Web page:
“We ask for forgiveness — from God and from our Mennonite sisters and brothers — for the harm that our forebears in the sixteenth century committed to Anabaptists,” says the statement adopted unanimously on October 26 by the LWF’s main governing body, its council.
“We pray that God may grant to our communities a healing of our memories and reconciliation,” states the apology that is now recommended for formal adoption by the highest LWF governing body, its assembly, meeting in Stuttgart, Germany, in July 2010.
Anabaptists, whose originally pejorative name means “re-baptizers,” stressed the need to baptize Christian believers including those who had been baptized as infants. Catholics persecuted them as heretics both by Protestants and, and many of them fled to America.
Larry Miller, general secretary of the Mennonite World Conference, who attended the Geneva meeting, welcomed the vote by the LWF council. He recalled how the July 2009 MWC assembly meeting in Asunción, Paraguay, had warmly received the news that Lutherans might take such an action.
Miller said this request for forgiveness would require that Mennonites also would change.
“Mennonites have learned from Lutherans that we are justified by faith alone, because we know that justification produces not only relations between oneself and God but also communion between the churches,” said Miller.
The LWF president, Bishop Mark Hanson, was asked at a press conference on October 27 why it had taken so long for Lutherans to seek forgiveness. He said it was difficult to answer for ancestors, but that for him the process had begun 25 years ago, “when we began to examine Luther’s anti-Semitic writings.”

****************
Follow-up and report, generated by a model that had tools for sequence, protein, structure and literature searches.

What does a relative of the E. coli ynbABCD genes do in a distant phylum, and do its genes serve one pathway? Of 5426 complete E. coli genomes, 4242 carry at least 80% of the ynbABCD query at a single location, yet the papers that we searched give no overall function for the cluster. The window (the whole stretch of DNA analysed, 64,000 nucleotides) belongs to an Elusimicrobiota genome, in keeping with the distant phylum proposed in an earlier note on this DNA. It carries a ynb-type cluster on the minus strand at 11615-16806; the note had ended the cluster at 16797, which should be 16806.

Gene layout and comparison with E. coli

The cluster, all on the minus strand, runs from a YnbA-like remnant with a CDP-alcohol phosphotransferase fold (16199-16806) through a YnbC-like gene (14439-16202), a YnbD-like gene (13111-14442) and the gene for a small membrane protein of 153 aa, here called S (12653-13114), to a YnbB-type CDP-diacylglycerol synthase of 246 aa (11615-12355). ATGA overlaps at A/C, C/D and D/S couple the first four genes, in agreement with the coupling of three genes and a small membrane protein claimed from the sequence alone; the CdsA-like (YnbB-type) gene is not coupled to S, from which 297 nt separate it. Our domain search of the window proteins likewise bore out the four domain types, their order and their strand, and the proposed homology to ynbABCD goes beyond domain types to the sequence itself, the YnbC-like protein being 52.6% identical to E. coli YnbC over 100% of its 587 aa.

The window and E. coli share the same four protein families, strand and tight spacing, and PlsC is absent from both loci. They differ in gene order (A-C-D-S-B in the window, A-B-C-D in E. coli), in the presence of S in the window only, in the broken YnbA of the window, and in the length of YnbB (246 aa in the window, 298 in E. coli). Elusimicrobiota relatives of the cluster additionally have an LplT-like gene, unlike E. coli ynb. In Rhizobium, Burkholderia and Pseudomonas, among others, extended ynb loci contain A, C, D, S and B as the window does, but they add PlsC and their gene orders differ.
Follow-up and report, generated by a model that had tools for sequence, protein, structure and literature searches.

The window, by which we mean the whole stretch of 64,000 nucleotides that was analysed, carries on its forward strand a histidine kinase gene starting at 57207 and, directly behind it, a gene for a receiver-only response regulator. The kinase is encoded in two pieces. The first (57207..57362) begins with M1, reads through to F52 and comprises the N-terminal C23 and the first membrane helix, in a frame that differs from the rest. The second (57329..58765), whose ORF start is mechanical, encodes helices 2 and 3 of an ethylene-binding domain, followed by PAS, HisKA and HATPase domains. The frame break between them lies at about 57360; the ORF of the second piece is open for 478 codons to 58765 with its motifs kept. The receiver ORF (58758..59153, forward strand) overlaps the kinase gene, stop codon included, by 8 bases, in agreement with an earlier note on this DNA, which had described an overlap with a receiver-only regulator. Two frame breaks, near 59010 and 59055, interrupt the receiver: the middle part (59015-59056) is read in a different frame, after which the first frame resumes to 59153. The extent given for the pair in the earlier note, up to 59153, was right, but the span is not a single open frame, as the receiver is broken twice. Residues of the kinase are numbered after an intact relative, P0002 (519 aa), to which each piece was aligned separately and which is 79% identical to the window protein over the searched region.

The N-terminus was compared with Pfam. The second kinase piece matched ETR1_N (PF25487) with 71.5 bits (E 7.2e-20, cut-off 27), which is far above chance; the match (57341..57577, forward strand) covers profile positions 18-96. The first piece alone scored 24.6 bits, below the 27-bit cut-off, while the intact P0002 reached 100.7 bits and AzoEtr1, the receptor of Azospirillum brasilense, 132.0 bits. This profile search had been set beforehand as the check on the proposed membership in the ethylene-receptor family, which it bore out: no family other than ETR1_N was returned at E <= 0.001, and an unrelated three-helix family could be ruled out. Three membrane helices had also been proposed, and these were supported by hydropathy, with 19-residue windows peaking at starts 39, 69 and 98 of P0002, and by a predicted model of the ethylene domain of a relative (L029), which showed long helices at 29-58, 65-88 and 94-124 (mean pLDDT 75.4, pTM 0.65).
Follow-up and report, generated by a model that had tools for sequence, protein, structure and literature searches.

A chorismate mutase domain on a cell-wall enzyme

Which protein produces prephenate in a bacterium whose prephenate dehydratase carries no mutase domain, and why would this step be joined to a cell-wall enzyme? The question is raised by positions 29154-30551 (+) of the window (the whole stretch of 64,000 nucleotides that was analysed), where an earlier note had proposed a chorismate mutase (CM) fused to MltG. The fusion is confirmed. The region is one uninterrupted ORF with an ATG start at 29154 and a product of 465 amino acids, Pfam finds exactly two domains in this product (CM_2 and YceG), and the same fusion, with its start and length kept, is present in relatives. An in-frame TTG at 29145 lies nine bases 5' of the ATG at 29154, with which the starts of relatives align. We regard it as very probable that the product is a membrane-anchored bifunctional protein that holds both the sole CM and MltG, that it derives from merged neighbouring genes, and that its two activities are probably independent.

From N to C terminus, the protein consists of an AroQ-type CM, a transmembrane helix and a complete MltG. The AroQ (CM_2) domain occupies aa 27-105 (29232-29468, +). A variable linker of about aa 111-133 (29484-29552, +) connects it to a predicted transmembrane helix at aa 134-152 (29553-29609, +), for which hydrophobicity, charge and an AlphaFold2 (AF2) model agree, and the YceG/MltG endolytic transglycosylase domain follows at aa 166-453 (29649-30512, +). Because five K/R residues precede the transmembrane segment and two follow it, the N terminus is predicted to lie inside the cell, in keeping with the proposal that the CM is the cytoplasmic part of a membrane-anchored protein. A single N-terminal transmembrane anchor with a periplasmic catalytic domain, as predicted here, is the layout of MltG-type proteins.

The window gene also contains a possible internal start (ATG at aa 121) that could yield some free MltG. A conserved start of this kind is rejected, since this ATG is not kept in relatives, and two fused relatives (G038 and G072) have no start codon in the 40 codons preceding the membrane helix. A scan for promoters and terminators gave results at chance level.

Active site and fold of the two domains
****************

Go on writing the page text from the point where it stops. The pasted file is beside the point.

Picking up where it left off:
“We are also heirs of a tradition that has borne pain in the lives of others because of how our ancestors have written, spoken, and communicated,” said
Hanson. “And I think it is a responsible thing for descendants in their understanding of faith to also speak words of repentance and ask for forgiveness, and to say that in some things our ancestors were simply wrong.”
A document presented to the LWF council about the apology described repentance as “the only fitting response to the persecutions of the 16th century and the continuing Lutheran characterizations of Anabaptists in the centuries which followed.” It noted how the Augsburg Confession of 1530, a central Lutheran statement of faith, explicitly condemned Anabaptists and their teachings.
The document referred to how some 16th-century advocates of Lutheran reforms such as Johannes Brenz opposed the execution of Anabaptists.
“Yet this very resistance to persecution in a contemporary of Martin Luther and Philipp Melanchthon demonstrates that this position was a possible alternative for them also,” it stated. At the same time there were also, “resources in Luther’s own thought which could have been used for opposing execution of Anabaptists.”
The process leading up to the statement began in 1980, the 450th anniversary of the Augsburg Confession, when Mennonites questioned how they could join in celebrating a document in which Anabaptists were condemned. This led to the establishment in 2002 of a Lutheran-Mennonite International Study Commission, whose report focused on an examination of the history of the 16th century and its consequences.